Everything else that had been in play is gone. No longer are there pine trees to snarf up golf balls, as happened to Phil Rodgers on the 17th in the 1962 Open, when he eschewed a then-2-stroke unplayable-lie penalty for a baseball swing at the branches. He ended up making a quadruple-bogey 8 and finished two strokes out of a playoff, one in which Jack Nicklaus beat Arnold Palmer by 3 shots for his first victory as a pro.
No longer are there dense oaks to block play after a snap hook, as happened to Ernie Els on the 18th in 1994. Forced to pitch out sideways, Els scrambled for a bogey to tie Loren Roberts and Colin Montgomerie, finally winning on the 20th hole of the playoff the next day.
But for the most part, trees at Oakmont were superfluous. They will not be missed.
A great deal of Oakmont's reputation has been built upon its super-fast greens, a collection of slanted surfaces, steep slopes and gulleys that were tightly cut and pressed with heavy rollers as far back as the 1920s. Like most U.S. Open courses in recent years, Oakmont's greens are primarily Poa annua, which normally creates problems in hot, humid weather. If the grass gets too hot, it will die, literally overnight, which is why greens are lightly watered (syringed) even during U.S. Open play, to keep them cool and alive.
Oakmont's greens are unique because they're "perennial Poa annua," says John Zimmers, Oakmont's grounds superintendent since 1999. The greens are a patchy, mottled collection of dozens of rare Poa annua strains that don't die off each summer. Those precise strains cannot be found on any other green in the country, not even at Oakmont's public course next door, Oakmont East.
The famed bunker between the par-4 third and par-5 fourth -- that supersize patch of sand with skinny parallel islands of grass long ago dubbed the Church Pews -- didn't exist until the 1935 U.S. Open. It had seven pews until the '73 Open, when it was expanded with an eighth ridge of turf. For 2007, the bunker is deeper (a drop of 3½-4 feet instead of 4 inches from top edge to sand) and has been expanded again, from eight to 12 pews, each covered in fescue, in hopes of corralling a larger congregation. (Fifty-one players hit into the Church Pews in the first two rounds in 1994.)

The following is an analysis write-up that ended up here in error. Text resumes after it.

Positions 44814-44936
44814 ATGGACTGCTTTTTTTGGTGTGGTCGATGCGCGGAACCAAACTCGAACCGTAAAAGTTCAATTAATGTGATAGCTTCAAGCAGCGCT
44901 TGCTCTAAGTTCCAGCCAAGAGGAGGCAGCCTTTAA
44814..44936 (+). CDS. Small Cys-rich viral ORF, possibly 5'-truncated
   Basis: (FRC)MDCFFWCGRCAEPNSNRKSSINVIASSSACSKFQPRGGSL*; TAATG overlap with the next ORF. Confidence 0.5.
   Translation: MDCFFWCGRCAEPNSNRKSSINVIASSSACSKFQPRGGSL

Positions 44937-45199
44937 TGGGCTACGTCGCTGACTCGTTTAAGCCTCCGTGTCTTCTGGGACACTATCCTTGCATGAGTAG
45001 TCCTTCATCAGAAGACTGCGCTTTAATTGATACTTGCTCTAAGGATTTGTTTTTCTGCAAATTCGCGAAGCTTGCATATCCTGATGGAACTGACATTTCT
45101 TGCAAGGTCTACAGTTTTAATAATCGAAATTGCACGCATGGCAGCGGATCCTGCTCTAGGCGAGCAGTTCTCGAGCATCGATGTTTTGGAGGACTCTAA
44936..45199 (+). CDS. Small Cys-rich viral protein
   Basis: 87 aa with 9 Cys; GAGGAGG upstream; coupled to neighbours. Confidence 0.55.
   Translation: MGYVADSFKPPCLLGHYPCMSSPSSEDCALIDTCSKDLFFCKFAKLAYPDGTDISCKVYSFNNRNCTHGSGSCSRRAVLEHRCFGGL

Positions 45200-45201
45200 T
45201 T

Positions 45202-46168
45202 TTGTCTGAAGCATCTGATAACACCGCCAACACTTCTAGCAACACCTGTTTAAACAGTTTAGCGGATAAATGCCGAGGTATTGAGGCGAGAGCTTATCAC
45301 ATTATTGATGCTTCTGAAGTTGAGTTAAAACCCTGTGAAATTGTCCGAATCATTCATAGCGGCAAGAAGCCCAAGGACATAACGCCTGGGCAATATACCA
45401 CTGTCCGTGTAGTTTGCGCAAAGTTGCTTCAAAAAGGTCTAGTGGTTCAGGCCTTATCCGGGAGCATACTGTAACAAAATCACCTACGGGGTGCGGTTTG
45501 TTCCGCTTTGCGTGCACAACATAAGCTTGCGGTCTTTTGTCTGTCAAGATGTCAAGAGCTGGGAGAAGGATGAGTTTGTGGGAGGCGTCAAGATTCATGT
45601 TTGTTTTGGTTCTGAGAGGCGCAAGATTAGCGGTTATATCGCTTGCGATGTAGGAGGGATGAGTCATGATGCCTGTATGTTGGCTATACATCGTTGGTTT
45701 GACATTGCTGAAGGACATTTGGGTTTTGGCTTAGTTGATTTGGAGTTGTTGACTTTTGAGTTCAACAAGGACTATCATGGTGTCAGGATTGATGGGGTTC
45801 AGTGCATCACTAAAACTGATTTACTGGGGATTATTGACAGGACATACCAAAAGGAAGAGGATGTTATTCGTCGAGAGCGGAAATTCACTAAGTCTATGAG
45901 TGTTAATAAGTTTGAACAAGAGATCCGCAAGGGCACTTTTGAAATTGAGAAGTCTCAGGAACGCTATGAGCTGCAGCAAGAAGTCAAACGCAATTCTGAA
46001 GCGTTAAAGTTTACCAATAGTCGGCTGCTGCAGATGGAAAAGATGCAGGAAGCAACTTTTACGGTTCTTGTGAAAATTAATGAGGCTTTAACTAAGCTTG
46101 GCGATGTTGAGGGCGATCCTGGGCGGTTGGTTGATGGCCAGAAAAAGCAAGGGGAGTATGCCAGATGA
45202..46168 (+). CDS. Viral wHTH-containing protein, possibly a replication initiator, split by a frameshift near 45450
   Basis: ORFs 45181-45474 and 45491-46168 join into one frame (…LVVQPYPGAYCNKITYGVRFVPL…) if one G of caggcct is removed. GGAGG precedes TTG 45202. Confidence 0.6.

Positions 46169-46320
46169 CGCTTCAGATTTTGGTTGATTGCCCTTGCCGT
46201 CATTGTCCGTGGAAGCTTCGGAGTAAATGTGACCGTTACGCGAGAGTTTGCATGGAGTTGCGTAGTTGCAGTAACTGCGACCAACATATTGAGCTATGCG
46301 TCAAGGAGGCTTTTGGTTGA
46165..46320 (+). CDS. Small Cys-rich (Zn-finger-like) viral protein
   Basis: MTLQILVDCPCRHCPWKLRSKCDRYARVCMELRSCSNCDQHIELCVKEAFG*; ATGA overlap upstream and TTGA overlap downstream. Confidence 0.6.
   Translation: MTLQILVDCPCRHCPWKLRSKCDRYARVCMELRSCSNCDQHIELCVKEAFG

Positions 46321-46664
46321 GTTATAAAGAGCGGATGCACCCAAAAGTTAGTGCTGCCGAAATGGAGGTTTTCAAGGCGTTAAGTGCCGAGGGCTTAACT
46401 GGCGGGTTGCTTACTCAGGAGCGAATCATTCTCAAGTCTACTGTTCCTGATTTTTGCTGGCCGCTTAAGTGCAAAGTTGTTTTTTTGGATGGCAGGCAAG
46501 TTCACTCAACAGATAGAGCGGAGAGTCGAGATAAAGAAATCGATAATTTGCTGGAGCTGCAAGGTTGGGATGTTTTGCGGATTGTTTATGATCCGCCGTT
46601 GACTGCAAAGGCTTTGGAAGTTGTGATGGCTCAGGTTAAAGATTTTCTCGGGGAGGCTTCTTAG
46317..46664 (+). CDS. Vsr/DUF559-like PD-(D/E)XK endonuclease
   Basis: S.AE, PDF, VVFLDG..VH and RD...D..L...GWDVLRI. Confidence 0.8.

Its smaller equivalent, the mini-Church Pews bunker left of the 15th hole, didn't exist until the 1953 U.S. Open. In the 1960s, architect Robert Trent Jones converted the pews to fingers of turf pointing downward from the left, and it remained that way through the '94 Open. Today, the pews have been reinstated and the bunker extended to more than 60 yards. It, too, is deeper than it has ever been.
Equally important is the reclamation of drainage ditches along Oakmont's holes. Dug originally to move water rapidly across the course, the ditches were genuine hazards in Oakmont's first four Opens. But once the club narrowed fairways and planted trees, the ditches were mostly out of play. Some were filled in. Others got so overgrown they became unsuspecting trapdoors.
For this year's Open, every ditch was excavated and deepened, fitted with drainage and grassed with fescue, and some were rerouted to edge fairways once again. Each is about 5 feet wide at the surface and 2 feet wide at the bottom. All ditches will be marked as regular or lateral water hazards for the Open.
The ultimate treachery of Oakmont was abandoned two years after the 1962 U.S. Open, when the heavy river-bottom bunker sand was replaced by a lighter, whiter variety that, it was said, wouldn't hold furrows.) In 2006, Nicklaus -- with the approval of the PGA Tour -- introduced a modified version of bunker furrows at the Memorial Tournament at his Muirfield Village Golf Club. The sand there is the same sand now used in Oakmont's bunkers, which begs the question: Why not use the same rakes Jack used and again furrow Oakmont's bunkers?
"That was actually discussed," says Mike Davis, the USGA's senior director of rules and competitions. "If there's any club entitled to do furrowed bunkers, it's Oakmont. But we analyzed the results from Muirfield Village, which showed it penalized golfers from fairway bunkers much more than from greenside ones. [In the 1953 U.S. Open, the fairway bunkers were furrowed with more moderate rakes than those used on greenside bunkers.] Oakmont's fairway bunkers are so incredibly penal to start with, most players aren't going to be able to go for the green from them anyway."
Oakmont is back to being penal, to be sure, baldly and unapologetically so. But with all that airspace above its hourglass fairways, treacherous greens and bottomless hazards, it's a perfect venue for shot making, not target practice. The winner of the Open this year will have to manufacture all sorts of shots, high and low, left and right. Oakmont will give him reason to do that. Oakmont now gives him room to do that, too.